Today is the birthday of Robert M. Pirsig, the author of the philosophical novel Zen and the Art of Motorcycle Maintenance, and holder of the world record for literary rejection.
Pirsing wrote Zen and the Art of Motorcycle Maintenance in 1968, but it was not published until 1974. Pirsig received a record 121 rejections from publishing houses. Since its publication, Zen and the Art of Motorcycle Maintenance has achieved cult status and sold more than 4 million copies.
The book is based on a motorcycle trip that Pirsig took from Minnesota to San Francisco with his 11-year-old son Chris (1).
Here are some other examples of authors who did not let publisher rejections discourage them:
-Richard Bach's book Jonathan Livingston Seagull was rejected by 26 publishers before it was finally accepted. It sold 30 million copies worldwide.
-J.K. Rowling received 14 rejections for her first Harry Potter book.
-Stephen King received more than 30 rejections for his first novel Carrie.
-Madeleine L'Engle's A Wrinkle in Time received over 30 rejections.
Today's Challenge: Authors' Last Laughs
The book titles and authors below all received rejection slips along with uncomplimentary words about their writing. See if you can match up the rejection with the author/title.
Carrie by Stephen King
The Diary of Anne Frank
Catch-22 by Joseph Heller
Crash by J G Ballard
Animal Farm by George Orwell
Lust for Life by Irving Stone
1. ‘The author of this book is beyond psychiatric help.'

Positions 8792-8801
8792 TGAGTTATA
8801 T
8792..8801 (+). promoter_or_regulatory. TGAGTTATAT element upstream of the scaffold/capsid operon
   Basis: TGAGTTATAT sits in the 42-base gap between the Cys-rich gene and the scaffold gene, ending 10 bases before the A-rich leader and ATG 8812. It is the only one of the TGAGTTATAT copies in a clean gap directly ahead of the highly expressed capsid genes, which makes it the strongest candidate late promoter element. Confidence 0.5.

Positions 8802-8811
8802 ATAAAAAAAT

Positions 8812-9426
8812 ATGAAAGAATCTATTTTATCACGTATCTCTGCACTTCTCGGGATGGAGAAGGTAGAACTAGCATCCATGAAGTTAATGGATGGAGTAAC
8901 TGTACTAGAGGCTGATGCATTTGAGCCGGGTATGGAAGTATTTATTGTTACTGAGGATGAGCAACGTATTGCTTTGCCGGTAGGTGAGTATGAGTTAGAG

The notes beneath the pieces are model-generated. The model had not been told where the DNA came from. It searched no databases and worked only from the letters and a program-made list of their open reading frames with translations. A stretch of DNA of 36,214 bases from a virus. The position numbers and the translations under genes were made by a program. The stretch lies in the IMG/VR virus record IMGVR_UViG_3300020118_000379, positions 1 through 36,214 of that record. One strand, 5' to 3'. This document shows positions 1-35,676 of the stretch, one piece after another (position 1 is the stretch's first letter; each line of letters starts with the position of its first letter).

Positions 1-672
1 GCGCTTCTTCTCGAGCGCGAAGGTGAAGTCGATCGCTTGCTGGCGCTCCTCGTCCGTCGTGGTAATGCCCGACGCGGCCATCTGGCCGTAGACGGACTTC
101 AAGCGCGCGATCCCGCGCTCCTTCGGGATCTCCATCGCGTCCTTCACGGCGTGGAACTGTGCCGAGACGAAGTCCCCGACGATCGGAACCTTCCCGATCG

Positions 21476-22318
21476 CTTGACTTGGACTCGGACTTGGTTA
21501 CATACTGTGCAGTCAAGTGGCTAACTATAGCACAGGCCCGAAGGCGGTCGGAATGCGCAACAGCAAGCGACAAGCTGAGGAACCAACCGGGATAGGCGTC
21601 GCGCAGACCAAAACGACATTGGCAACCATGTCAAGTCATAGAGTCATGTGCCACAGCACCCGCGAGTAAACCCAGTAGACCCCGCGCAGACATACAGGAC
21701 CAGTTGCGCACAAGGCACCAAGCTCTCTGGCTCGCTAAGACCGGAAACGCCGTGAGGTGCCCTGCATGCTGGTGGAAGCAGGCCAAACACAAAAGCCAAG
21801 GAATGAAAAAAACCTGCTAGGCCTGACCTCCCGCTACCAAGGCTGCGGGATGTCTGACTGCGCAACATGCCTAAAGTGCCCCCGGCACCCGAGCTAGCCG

2. ‘The girl doesn’t, it seems to me, have a special perception or feeling which would lift that book above the “curiosity” level.’
3. ‘ A long, dull novel about an artist.’
4. 'We are not interested in science fiction which deals with negative utopias. They do not sell.'
5. ‘I haven’t really the foggiest idea about what the man is trying to say… Apparently the author intends it to be funny – possibly even satire – but it is really not funny on any intellectual level … From your long publishing experience you will know that it is less disastrous to turn down a work of genius than to turn down talented mediocrities.’
6. ‘It is impossible to sell animal stories in the USA.’
Word of the Day: Ostracize
A synonym for the word rejection, this word means specifically to banish or to send into exile. The word comes from the Greek ostrakon, meaning potsherd – a broken shard of pottery. The story behind the word relates to a practice in ancient Athens where citizens would vote to remove a person from the community by casting their ballots on a potsherd. Anyone receiving the requisite number of votes was then banished for a period of ten years (4).
Quote of the Day: Metaphysics is a restaurant where they give you a thirty thousand page menu, and no food. --Robert Pirsig
1. Crash by J G Ballard
2. The Diary of Anne Frank
3. Lust for Life by Irving Stone
4. Carrie by Stephen King
5. Catch – 22 by Joseph Heller
6. Animal Farm by George Orwell
1- This Day in History - September 1 - Literary - The History Channel
2 - Zen and the Art of Motorcycle Maintenance. Online version http://www.virtualschool.edu/mon/Quality/PirsigZen/part1.html
3- Rotten Rejections http://www.writersservices.com/mag/m_rejection.htm
4 - http://www.etymonline.com/index.php?search=ostracize&searchmode=none